The thing of it is, at this point, I was still on a lot of medication. It could have been the medication that was influencing my mind at that point. I came out and the following week on the television, I saw the Bog Snorkelling Championships on the television.
Now, I’ve never heard of them in all my years. I’ve never heard of them. All of a sudden, twice in a week, I’d heard about bog snorkelling and I turned to my father and said, ‘I’m going to do that’.
That was the first time I had actually spoken out loud to anybody. I think he humored me because at that point, I still had a zimmer frame and twisted and turned and he just said, ‘yes dear’. From that day onwards, I decided, it was 1998. Nobody had the internet then so I had to ring a friend of mine who worked in a big company in London to see if he could find out anything about this thing called bog snorkelling on this thing called the internet.
He got back to me after a couple of days, and he told me all about it. He got me a phone number. So then I rang Gordon Green, the guy that runs the bog snorkelling and invented bog snorkelling in Wales, all about and he said, Oh, that won’t be on for another 11 months. He said you’re a bit early. I suppose you could send your application form, that would be marvelous. So it gave me the motivation to carry on with my swimming.
I hadn’t swum before. I was 27 and had never swum. And within six lessons, I learned how to swim the length of a pool. Now, my first lesson consisted of me more or less crawling along a wall and holding onto a wall. Because I couldn’t hold myself up straight and within six lessons even though I was going in on crutches, and I could swim the length of a pool, so I took to it like a duck to water you could say, Oli.
Julia: I suppose, before I threw myself in literally, I did some bog snorkelling in my own bog at home just to see what it was like. The fear factor like this one is black, dark, and you can’t see anything. It’s like swimming through tea. Then once you stir up the sediment, it’s like swimming through some kind of oxtail soup, you just find it difficult to get through there.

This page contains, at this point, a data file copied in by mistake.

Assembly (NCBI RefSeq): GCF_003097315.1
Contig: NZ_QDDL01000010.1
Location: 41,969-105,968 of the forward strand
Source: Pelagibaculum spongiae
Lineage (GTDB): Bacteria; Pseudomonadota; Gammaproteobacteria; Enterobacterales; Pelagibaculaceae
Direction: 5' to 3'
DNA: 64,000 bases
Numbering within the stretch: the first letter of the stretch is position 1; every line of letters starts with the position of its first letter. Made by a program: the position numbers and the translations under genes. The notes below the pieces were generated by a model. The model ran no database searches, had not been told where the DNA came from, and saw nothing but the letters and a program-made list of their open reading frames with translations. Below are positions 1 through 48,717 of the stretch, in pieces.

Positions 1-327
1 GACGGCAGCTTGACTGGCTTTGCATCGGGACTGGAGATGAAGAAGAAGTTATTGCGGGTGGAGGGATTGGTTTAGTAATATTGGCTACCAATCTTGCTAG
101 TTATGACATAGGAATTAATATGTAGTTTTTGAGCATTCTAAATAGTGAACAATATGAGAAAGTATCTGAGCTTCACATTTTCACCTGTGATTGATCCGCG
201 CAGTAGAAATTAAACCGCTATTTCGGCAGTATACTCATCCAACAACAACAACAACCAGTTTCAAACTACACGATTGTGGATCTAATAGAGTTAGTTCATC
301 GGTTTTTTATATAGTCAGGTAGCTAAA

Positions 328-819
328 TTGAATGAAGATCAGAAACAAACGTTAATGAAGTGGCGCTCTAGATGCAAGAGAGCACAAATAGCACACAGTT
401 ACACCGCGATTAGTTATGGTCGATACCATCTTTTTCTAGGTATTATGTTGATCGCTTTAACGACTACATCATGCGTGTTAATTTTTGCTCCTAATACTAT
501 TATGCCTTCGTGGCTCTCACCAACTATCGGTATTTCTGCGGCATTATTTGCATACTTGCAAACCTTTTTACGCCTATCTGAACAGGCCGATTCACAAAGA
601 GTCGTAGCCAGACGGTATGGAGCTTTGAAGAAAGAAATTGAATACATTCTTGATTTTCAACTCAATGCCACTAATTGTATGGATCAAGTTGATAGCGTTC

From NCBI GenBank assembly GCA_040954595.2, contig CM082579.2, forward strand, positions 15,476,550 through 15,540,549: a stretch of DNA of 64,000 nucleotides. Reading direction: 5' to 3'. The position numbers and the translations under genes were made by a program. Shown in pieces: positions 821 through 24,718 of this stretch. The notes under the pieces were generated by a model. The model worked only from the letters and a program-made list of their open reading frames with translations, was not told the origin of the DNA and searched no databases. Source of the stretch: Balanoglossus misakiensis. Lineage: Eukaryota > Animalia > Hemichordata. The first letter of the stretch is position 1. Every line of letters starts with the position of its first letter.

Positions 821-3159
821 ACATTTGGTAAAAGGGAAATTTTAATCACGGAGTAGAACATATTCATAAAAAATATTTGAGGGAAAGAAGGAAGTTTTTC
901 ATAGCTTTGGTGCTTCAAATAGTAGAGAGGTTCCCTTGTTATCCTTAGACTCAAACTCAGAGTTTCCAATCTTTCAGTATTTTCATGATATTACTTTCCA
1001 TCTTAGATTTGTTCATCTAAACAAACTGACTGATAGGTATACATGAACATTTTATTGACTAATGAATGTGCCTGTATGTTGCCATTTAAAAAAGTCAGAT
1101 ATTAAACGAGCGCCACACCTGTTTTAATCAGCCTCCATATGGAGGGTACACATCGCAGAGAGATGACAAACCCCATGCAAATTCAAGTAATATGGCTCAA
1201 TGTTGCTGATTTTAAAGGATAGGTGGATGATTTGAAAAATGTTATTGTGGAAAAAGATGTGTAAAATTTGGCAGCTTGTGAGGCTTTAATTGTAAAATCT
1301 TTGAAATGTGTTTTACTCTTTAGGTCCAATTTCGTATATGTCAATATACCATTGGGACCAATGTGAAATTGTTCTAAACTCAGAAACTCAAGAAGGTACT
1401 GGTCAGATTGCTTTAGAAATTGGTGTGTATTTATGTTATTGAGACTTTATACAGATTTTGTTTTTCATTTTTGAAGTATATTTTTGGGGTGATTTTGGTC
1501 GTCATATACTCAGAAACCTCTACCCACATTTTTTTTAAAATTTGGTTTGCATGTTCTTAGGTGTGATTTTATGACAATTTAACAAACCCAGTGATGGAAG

It’s cold. You hear sounds that you wouldn’t be used to in the air. The cold rushes into your wetsuit. At that time I got my friend to tie a rope around me whilst I snorkelled even though I’d only just learned to snorkel a couple of weeks beforehand. I decided, well, I still haven’t trusted this bog, even though I’ve lived there all my life. I wouldn’t trust it. So I got a rope, I was snorkelling with a rope around me like an animal on a leash. Yeah. That was an exciting day.
Then I went to Wales. It kind of kicked off around here a little bit. I was dependent on my father for everything. All of a sudden radio stations wanted to talk to me and newspapers and all sorts of things. So I was kind of like really thrown in, we say literally into the deep end of all of this. I ended up being sponsored by Ben and Jerry’s ice cream to go to Wales where they were the main sponsors. There were radio stations over here following my every move. I’d been on an airplane for years. I led a very quiet life then all of a sudden, I was thrown in.
I was really lucky that I could walk. It was in August, so 12 months have passed.
‘I’d learned to swim, I’d learn to walk and I’d learn to snorkel.’
Julia: My time wasn’t now what it was then in 1999. And I haven’t looked back since.
Julia: Every year. From not being able to walk in 98 I came second in the Lady’s World Championships in 99, my first go out. I suppose we say any age has moved on a long time every year since. There are Commonwealth swimmers and all sorts of people and all sorts of lifeguards coming in. I’m just pleased that I can actually do it now.